What Happens During a Dental Visit?
Firstly, it is important to look for a dentist that will make you feel comfortable. Once you’ve found a dentist you like, your next step is to schedule for a check-up before a dental issue occurs.
When you visit a dentist for the first time, they will collect your health history. On future appointments, if your health status has changed make sure to tell them specifically what has changed, so that they can evaluate you again if needed.
Most dental appointments are having a checkup. Regular checkups (ideally every six months), helps your teeth stay cleaner, stronger and prevents painful problems from occurring.
A thorough cleaning
A complete cleansing is always included in a checkup, either from your dentist or a dental hygienist. Using special instruments, a dental hygienist will scrape below the gum line, removing built-up plaque and tartar that causes gum disease, cavities, and bad breath. Your dentist or hygienist may also floss and make your teeth shine!
A full examination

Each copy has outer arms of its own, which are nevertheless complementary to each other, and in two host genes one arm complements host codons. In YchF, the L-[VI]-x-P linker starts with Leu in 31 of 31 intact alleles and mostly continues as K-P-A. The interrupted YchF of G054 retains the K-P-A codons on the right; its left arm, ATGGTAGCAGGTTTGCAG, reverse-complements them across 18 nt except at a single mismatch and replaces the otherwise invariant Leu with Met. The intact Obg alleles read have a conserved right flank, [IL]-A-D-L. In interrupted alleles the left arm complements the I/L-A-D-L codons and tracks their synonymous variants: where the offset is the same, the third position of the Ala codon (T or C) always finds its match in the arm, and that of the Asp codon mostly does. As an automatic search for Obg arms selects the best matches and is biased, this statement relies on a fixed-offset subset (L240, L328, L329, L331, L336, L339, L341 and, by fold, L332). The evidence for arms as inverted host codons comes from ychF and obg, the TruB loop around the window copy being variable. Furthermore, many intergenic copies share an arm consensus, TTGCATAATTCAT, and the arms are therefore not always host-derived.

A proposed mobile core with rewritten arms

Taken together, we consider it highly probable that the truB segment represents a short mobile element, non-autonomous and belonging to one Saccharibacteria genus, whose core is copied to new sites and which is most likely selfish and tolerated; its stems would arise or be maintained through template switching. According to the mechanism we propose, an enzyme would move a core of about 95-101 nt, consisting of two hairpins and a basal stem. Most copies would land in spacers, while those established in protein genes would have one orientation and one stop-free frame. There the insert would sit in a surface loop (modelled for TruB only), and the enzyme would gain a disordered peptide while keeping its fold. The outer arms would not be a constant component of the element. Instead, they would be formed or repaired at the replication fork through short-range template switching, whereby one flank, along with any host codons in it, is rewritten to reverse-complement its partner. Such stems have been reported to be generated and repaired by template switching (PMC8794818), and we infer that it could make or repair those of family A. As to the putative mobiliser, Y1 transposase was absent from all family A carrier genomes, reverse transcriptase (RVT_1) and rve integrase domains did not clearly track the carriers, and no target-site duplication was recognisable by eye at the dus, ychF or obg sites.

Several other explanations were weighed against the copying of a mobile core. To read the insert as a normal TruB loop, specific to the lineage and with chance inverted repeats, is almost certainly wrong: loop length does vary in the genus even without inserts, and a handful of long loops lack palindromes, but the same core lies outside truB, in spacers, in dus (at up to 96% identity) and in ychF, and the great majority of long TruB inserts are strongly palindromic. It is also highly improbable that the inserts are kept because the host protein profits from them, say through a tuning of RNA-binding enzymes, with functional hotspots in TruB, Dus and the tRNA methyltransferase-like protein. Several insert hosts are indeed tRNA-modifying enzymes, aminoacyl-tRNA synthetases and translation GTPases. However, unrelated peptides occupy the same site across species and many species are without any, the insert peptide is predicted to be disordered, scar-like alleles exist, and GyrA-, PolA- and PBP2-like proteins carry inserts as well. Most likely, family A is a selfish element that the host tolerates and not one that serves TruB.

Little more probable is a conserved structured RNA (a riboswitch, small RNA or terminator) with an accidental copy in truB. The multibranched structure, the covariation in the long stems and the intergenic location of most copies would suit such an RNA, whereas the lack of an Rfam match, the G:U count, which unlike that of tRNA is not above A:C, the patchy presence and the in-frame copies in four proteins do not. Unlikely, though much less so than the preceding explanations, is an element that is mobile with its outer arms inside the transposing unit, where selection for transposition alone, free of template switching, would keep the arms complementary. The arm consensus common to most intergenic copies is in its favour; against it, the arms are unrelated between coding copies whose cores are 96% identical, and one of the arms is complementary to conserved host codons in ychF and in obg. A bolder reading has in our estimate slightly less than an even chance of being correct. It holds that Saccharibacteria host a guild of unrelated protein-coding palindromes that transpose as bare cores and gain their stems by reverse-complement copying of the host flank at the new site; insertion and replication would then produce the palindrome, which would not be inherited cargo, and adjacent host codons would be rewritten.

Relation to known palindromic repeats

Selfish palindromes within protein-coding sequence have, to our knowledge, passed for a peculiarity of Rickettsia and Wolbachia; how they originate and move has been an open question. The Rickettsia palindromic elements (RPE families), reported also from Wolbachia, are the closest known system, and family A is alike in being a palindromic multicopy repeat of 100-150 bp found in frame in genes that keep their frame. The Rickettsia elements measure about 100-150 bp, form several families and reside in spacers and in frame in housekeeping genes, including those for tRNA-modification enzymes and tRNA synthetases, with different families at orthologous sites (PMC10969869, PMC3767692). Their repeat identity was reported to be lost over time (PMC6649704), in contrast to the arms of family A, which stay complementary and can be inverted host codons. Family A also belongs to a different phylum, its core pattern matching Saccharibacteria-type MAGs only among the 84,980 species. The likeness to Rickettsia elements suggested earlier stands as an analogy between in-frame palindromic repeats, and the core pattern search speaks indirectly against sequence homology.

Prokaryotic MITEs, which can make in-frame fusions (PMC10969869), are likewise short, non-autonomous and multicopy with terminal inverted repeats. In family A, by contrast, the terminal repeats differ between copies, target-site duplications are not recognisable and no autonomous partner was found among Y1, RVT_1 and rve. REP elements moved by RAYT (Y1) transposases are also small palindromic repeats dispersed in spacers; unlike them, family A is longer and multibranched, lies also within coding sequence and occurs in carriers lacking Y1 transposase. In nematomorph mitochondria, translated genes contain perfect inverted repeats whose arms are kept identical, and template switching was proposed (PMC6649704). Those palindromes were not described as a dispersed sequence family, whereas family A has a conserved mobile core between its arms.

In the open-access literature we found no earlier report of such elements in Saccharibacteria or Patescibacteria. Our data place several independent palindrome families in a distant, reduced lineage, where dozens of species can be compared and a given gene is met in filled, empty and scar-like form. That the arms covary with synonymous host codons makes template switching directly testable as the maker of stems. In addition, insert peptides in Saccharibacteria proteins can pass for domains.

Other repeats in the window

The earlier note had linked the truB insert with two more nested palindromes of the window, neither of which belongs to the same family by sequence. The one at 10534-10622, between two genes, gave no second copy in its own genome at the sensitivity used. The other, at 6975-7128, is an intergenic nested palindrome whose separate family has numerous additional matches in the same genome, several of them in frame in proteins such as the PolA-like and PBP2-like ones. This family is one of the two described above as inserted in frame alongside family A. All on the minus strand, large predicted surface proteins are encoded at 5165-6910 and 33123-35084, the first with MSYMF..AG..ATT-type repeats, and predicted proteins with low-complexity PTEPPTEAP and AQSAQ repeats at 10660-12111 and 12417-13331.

Your dentist will undergo a complete examination of your teeth, gums and mouth to look for signs of disease or other emerging issues. They will aim to help maintain your good oral health, and to avoid problems before they become serious.
Depending on your age, there are chances that potential diseases and symptoms will come up on your routine checkup, your dentist may recommend X-rays. X-rays can determine problems such as damage to jawbones, impacted teeth, abscesses, cysts, tumors, and decay between the teeth. A high-tech dental clinic that uses machines will release no radiation. For assurance, you should always wear a lead apron when having an X-ray. If you are pregnant, tell your dentist, as X-rays should only be performed in an emergency situation.
Your dentist may request for a panoramic x-ray, or panorex. This type of film gives a complete view of your upper and lower jaw in a single picture, this helps the dentist examine your entire mouth and see where the issues specifically are.
How Long Should I Visit?
If your teeth and gums are in good condition, you don’t need to return for three to six months. If additional treatments are required, as an example, to treat a cavity, remove a wisdom tooth, or repair a broken crown, you should make an appointment before leaving the office. Don’t forget to ask your dentist any questions, this is your opportunity to get knowledge on your dental hygiene.